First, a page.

Unfortunately so many of us are deficient in magnesium these days. Magnesium plays such an important role in inflammation and antioxidant activity that low magnesium is actually a risk factor for endo developing in the first place. Crazy!
Period pain and PMS are common symptoms of magnesium deficiency, which of course if you have endo you can likely relate to.
Magnesium-rich foods include dark leafy greens, hemp and pumpkin seeds, tuna, brown rice, almonds, dark chocolate, avocados, and bananas. Although it is important to mention here that soil these days is heavily depleted from magnesium so supplementing is often warranted. I recommend magnesium glycinate for supplementing since it won’t affect your bowel movements.
#5: Cruciferous veggies
This one links back to the hormonal component of endo. Hormone levels will be unique to each individual and should be checked with functional tests such as the DUTCH test that I use in my practice before making any changes.
That being said, the common hormone imbalances I see in endo warriors tend to lean towards higher estrogen levels in relation to progesterone. We need both estrogen and progesterone, but we need them to be in balance. Out of balance hormones can certainly cause some uncomfortable symptoms as we have all experienced.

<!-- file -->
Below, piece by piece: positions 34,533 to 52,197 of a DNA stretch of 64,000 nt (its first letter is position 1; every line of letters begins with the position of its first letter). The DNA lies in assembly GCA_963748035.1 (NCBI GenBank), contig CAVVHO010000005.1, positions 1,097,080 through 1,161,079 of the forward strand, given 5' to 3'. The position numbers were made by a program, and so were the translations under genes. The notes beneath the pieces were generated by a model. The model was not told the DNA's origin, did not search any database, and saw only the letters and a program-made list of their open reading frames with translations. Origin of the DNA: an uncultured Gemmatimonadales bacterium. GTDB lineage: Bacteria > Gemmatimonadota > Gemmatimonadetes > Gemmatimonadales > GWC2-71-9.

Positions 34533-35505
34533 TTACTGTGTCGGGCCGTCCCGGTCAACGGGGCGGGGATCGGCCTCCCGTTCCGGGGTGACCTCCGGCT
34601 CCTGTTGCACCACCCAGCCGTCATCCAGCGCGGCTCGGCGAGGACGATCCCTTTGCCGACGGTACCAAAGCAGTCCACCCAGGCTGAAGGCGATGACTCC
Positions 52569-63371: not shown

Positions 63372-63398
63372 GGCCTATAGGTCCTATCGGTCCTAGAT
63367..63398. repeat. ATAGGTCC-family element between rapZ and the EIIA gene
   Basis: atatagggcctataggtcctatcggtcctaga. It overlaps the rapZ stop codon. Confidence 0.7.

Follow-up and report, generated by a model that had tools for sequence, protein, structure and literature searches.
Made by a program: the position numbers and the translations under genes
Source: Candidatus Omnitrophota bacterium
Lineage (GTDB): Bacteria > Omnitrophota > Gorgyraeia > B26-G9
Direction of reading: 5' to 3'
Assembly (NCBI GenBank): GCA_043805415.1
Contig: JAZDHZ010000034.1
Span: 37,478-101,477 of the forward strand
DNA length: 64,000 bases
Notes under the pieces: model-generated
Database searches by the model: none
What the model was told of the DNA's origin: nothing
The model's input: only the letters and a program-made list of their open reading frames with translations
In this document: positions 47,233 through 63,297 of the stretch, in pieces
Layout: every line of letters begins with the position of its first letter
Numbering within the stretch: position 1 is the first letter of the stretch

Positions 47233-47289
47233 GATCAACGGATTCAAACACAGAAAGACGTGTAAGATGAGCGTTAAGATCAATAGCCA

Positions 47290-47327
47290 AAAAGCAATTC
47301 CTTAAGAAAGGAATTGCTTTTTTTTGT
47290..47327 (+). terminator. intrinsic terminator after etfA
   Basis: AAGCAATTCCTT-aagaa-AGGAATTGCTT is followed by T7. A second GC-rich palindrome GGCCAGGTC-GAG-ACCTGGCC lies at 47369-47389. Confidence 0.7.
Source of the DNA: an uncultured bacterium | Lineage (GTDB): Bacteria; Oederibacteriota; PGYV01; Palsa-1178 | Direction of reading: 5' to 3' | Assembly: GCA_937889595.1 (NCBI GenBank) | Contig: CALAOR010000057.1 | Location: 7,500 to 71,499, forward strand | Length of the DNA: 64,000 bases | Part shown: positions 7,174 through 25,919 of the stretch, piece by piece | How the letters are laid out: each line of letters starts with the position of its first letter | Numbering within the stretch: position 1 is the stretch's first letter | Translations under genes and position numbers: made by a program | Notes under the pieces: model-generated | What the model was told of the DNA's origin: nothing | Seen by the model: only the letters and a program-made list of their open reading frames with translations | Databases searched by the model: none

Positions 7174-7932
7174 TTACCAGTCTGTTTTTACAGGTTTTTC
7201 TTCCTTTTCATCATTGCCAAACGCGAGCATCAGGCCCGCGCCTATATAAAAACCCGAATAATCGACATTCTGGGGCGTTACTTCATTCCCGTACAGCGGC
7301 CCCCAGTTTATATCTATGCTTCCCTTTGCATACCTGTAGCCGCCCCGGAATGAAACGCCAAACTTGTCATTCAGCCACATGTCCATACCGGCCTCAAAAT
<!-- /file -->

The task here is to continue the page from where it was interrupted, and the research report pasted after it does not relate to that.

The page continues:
This is where cruciferous veggies come in. These include cabbage, broccoli, cauliflower, brussel sprouts, kale, bok choy, collard greens, and more. These foods can help us to metabolize estrogen properly so it can be packaged up and excreted.
I recommend lightly cooking these veggies to minimize any impacts on the thyroid and maximize the nutrient content. Aim for getting at least a few servings in each week!
Putting the best foods for endometriosis together
This is by no means an exhaustive list of foods that are a friend to your endo, but it is a great place to start. Work on getting some of these foods on your plate in each meal and see how far you go.
Always remember that at the end of the day, your own nutrient needs are quite unique, so it is important to find what works best for you. Working with a skilled practitioner can be a huge help if you are feeling lost!
Ready to dive in and get some deep-level support on your own endo journey? Great! Click here to learn more about my 1:1 coaching program and fill out the application today.
Other Articles You Might Like:
3 Simple Ways to Reduce Endo Pain Naturally
3 Ways Gut Testing Helps Endometriosis
Sacred Cow: https://www.sacredcow.info
Guadagni, Martina; Biolo, Gianni. (2009). Effects of inflammation and/or inactivity on the need for dietary protein. Retrieved from: https://pubmed.ncbi.nlm.nih.gov/19741515/
Savaris, Ana Luiza; Amaral, Vivian F do. (2011). Nutrient intake, anthropometric data and correlations with the systemic antioxidant capacity of women with endometriosis. Retrieved from: https://pubmed.ncbi.nlm.nih.gov/21700380/
Maier, J.A.; Castiglioni, S.; Locatelli, L.; Zocchi, M.; Mazur, A. (2021). Magnesium and inflammation: Advances and perspectives. Retrieved from: https://doi.org/10.1016/j.semcdb.2020.11.002
Zheltova, A.; Kharitonova, M.; Iezhitsa, I. N.; Spasov, A. (2016). Magnesium deficiency and oxidative stress: An update. Retrieved from: https://doi.org/10.7603/S40681-016-0020-6
Michnovicz, J. J.; Bradlow, H. L. (1991). Altered estrogen metabolism and excretion in humans following consumption of indole-3-carbinol. Retrieved from: https://pubmed.ncbi.nlm.nih.gov/1656396/